Kilcawley Center is primarily a student-resource and community-center on campus. It features reading and study rooms, computer labs, a copying center, a variety of restaurants (including a Chick-Fil-A, Wendy's and Dunkin' Donuts), and many student-affairs offices. Offices for many university student media outlets are housed here, including student newspaper The Jambar, student magazine The Yo, and student radio Rookery Radio. There are also many meeting and seminar rooms, which can be rented out for community events.
Jones Hall, often the building that welcomes those coming onto YSU's campus, is one of the campus' oldest buildings, having been built in 1931, when YSU was still known as Youngstown College. Its history as the "main building" of the campus continues today, as it is perhaps the best-known and most photographed building of the whole campus. The building was renamed Jones Hall in honor of the institutions first president, Dr. Howard Jones. Today, the building is used as administrative office space.
In 2013, the former Wick Pollock Inn - located on Wick Avenue, next to Bliss Hall - was converted into The University President's House. The three-year project to renovate the mansion cost YSU over $4 million.
The planetarium is the location of the introductory astronomy courses at YSU, which registers almost 1,000 students every year. It has housed over 500,000 students, as well as 750,000 visitors as of 2007. Organized shows are available for groups during the week, and scheduled shows available Friday and Saturday evenings (with shows geared toward younger audiences on Saturday afternoons). All shows are free of charge.
The McDonough Museum of Art is one of two art museums located in Youngstown, Ohio. The McDonough Museum of Art is closely affiliated with the University, acting as an outreach for the Department of Art. The 14,000 sq. ft. space serves as a showing facility for art students and faculty alike, as well as local and regional talents.
The Butler Institute of American Art is located on Wick Avenue in Youngstown, Ohio. Falling directly on YSU's campus, it is the flagship art museum of the city.
The University comprises the following colleges, as of the summer 2007 academic reorganization:
YSU offers doctoral degrees in educational leadership and physical therapy, as well as a doctorate in mathematics in cooperation with Rhodes University. Together with the University of Akron and Kent State University, YSU sponsors the Northeast Ohio Medical University, a BS-MD program. YSU engineering students may pursue doctoral studies in cooperation with the University of Akron and Cleveland State University. In addition, YSU has 35 masters programs and over 100 undergraduate majors.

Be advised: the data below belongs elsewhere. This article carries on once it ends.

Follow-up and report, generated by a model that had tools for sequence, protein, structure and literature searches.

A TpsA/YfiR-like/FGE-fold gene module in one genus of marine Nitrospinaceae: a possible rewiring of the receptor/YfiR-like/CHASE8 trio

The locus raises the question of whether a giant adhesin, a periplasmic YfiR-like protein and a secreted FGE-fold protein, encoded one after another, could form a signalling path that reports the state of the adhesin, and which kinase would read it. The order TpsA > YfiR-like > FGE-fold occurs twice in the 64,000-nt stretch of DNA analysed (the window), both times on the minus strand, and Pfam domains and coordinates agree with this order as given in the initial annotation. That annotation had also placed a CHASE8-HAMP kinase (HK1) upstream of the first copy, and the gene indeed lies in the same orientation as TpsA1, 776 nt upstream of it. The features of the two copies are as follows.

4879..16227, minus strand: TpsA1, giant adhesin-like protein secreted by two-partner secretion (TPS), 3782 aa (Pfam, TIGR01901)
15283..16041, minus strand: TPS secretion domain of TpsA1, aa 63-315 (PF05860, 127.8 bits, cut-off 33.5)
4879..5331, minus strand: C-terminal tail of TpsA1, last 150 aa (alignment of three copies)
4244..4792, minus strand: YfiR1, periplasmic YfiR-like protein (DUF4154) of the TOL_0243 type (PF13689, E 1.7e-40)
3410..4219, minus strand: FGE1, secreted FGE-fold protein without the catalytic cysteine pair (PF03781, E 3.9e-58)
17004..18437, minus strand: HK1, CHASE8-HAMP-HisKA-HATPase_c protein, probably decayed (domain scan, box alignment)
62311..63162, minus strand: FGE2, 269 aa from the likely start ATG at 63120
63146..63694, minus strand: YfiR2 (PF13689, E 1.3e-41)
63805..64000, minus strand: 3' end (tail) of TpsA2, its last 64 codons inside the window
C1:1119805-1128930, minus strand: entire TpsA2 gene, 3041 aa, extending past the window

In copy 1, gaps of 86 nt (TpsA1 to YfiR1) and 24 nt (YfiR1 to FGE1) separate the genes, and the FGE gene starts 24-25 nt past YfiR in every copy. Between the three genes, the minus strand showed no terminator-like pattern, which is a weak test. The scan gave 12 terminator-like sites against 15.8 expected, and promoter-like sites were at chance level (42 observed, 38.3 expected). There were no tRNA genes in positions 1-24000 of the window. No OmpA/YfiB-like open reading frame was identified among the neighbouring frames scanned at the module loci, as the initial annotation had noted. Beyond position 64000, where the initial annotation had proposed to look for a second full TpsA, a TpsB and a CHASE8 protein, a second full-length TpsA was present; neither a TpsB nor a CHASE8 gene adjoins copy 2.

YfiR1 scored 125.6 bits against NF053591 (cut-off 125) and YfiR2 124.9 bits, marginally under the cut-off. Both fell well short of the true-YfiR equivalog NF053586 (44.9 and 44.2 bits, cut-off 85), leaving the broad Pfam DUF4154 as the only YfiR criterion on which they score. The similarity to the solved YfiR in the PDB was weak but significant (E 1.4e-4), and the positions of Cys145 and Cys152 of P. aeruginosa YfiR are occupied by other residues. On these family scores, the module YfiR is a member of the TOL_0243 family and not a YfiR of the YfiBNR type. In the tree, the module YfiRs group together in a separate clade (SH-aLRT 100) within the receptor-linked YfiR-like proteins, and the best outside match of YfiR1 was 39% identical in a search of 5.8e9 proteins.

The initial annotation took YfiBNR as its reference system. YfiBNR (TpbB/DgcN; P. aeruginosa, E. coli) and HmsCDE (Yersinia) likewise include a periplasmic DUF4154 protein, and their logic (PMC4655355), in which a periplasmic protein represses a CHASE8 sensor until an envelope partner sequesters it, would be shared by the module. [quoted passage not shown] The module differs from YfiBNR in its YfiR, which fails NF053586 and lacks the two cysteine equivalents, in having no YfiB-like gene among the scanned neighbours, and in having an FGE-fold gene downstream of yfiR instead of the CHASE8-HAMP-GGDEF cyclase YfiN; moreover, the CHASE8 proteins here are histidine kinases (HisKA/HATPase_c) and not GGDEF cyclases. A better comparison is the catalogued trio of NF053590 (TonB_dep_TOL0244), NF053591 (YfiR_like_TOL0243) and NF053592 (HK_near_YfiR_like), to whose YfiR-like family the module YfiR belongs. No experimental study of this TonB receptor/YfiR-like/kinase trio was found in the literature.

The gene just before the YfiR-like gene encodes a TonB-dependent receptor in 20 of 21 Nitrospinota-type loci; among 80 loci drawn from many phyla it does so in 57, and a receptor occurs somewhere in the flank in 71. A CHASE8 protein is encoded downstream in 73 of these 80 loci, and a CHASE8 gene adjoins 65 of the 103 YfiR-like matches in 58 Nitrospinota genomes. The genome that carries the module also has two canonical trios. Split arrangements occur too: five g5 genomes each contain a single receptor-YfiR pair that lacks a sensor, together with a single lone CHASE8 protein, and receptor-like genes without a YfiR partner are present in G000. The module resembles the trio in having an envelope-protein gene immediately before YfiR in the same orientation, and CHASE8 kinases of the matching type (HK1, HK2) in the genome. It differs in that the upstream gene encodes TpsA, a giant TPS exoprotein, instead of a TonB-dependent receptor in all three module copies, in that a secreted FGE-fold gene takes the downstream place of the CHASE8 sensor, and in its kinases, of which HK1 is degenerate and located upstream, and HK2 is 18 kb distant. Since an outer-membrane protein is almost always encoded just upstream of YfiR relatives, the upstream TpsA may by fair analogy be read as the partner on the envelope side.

The Dana School of Music at Youngstown State University was deemed an "All-Steinway" school in 2004. The Dana School of Music is one of the oldest non-conservatory schools of music in the United States. Additionally, the Youngstown State University Symphonic Wind Ensemble performed at New York City's Carnegie Hall in March 2005 and again in November 2015.
The Williamson College of Business holds an AACSB accreditation, the most recognized form of professional accreditation an institution can earn. As of 2018, this accreditation is held by less than five percent of the worlds business schools.
Labor unions are very active at YSU and include most non-administrative faculty and staff on campus. In August 2005, just before the start of the 2005-06 academic year, two of four campus unions were on strike. Following the conclusion of the strike, relations remained strained, with some faculty and staff calling for the resignation of YSU President David Sweet in May 2007. Others on campus thought some individuals on both sides were engaged in less than professional behaviors. Due to the animosity between the parties, a special committee was set up to examine labor relations. This committee recommended that the negotiations teams for all sides be replaced before the next round of contract negotiations. After the committee's recommendations, the Vice President for Administration was replaced, as well as the Executive Director of Human Resources.